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I’ve no job satisfaction, says Speaker

CPM veteran Somnath Chatterjee does not intend to seek a second term as Speaker on completing four turbulent years in office on June 4, reports Saroj Nagi.
Hindustan Times | By Saroj Nagi, New Delhi
UPDATED ON JUN 04, 2008 02:05 AM IST

CPM veteran Somnath Chatterjee does not intend to seek a second term as Speaker on completing four turbulent years in office on June 4.

The years when he had no “job satisfaction'', when he had to de-link himself from his party for propriety and when he was constantly being attacked by a section of the Lok Sabha.

“How can I aspire for a second term when there is no job satisfaction?'' said the first Communist leader to occupy the high constitutional post.

The 14th Lok Sabha he presides over has been marred by frequent UPA-NDA sparring, in which he was sometimes caught. “How can there be job satisfaction when Parliament's functioning is not what it should be in the people's mind,'' said the veteran who has spent 38 years in Parliament.

The Speaker, who sees these four years as among his “most torturous and agonizing,” however considers the “worst day'' of his life when former Prime Minister A B Vajpayee dropped a “bombshell'' by accusing him in writing of being partisan while responding to his written appeal to the Opposition to end its boycott.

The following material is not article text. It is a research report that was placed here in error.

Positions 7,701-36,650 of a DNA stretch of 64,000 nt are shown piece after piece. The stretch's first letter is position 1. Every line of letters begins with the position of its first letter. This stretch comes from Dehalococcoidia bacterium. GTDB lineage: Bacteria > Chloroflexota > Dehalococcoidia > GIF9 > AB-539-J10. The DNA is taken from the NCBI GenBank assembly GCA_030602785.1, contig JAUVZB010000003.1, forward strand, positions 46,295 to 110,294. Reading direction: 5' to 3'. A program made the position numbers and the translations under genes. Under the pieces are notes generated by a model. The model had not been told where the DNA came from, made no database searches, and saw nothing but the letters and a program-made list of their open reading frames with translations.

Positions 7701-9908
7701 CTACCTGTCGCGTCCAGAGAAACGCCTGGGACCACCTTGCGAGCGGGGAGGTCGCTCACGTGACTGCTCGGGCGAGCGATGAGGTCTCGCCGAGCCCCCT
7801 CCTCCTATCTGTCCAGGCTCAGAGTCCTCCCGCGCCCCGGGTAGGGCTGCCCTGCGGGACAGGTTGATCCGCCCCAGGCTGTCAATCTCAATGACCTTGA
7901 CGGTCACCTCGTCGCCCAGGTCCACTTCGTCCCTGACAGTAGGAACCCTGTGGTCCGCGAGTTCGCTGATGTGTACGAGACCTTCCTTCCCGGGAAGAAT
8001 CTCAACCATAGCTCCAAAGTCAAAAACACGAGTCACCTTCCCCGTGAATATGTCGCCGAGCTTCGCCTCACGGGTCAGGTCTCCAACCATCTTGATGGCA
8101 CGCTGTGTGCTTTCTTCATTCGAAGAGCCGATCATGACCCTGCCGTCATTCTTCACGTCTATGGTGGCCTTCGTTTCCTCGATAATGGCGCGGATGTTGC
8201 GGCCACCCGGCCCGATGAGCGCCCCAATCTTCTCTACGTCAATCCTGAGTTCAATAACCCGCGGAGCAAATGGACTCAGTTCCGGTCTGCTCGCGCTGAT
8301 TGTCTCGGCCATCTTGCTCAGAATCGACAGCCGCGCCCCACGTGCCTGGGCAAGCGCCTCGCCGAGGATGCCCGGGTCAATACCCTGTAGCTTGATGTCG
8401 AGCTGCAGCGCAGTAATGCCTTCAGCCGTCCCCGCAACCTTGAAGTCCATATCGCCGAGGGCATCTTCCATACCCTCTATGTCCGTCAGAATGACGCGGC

“After my parent's death, this was the most harrowing day of my life. I was flabbergasted by the language and sentiment of the letter…I only reacted saying I respect Vajpayeeji very much and will not say a word,'' recalled the man who was persuaded not to resign.

“I also felt why should I quit,'' he said, keeping in mind his leader Jyoti Basu's advise that he must show what a Communist Speaker can be (with his impartiality). “But I felt great satisfaction when Vajpayeeji came to meet me on his own the next day. What he said gave be great relief. I am thankful to him. He showed great statesmanship,'' he said.

Chatterjee was also “hurt” when the EC played a “very very dubious role” after then President A.P.J Abdul Kalam referred the office of profit issue to it acting on advice that was “not correct” and had turned investigator in the issue. “Deliberately the Speaker was targeted on the basis of false information,'' he said.

If frequent disruptions, too much confrontation in public life and lack of national urgency made the Speaker unhappy so did the cash-for-query and MPLADs scandals (with hope lying in Parliament punishing its own members) and the initial misunderstanding over the Jharkhand controversy when his stand against judicial overreach in legislature's domain was misinterpreted by the Opposition as against government formation.

Later some speakers of BJP-ruled states supported his stand by describing him as “Neelkanth” for having swallowed criticism to save the system.

Most satisfying moments? When the Lok Sabha TV channel - the first to be owned exclusively by any Parliament - was set up, the Parliament museum opening, the MPs' lecture series and various parliamentary forums.

Was he attacked because he was a communist? “I don't think so because then they should not have elected me. But maybe there was some lurking suspicion somewhere,'' he said.

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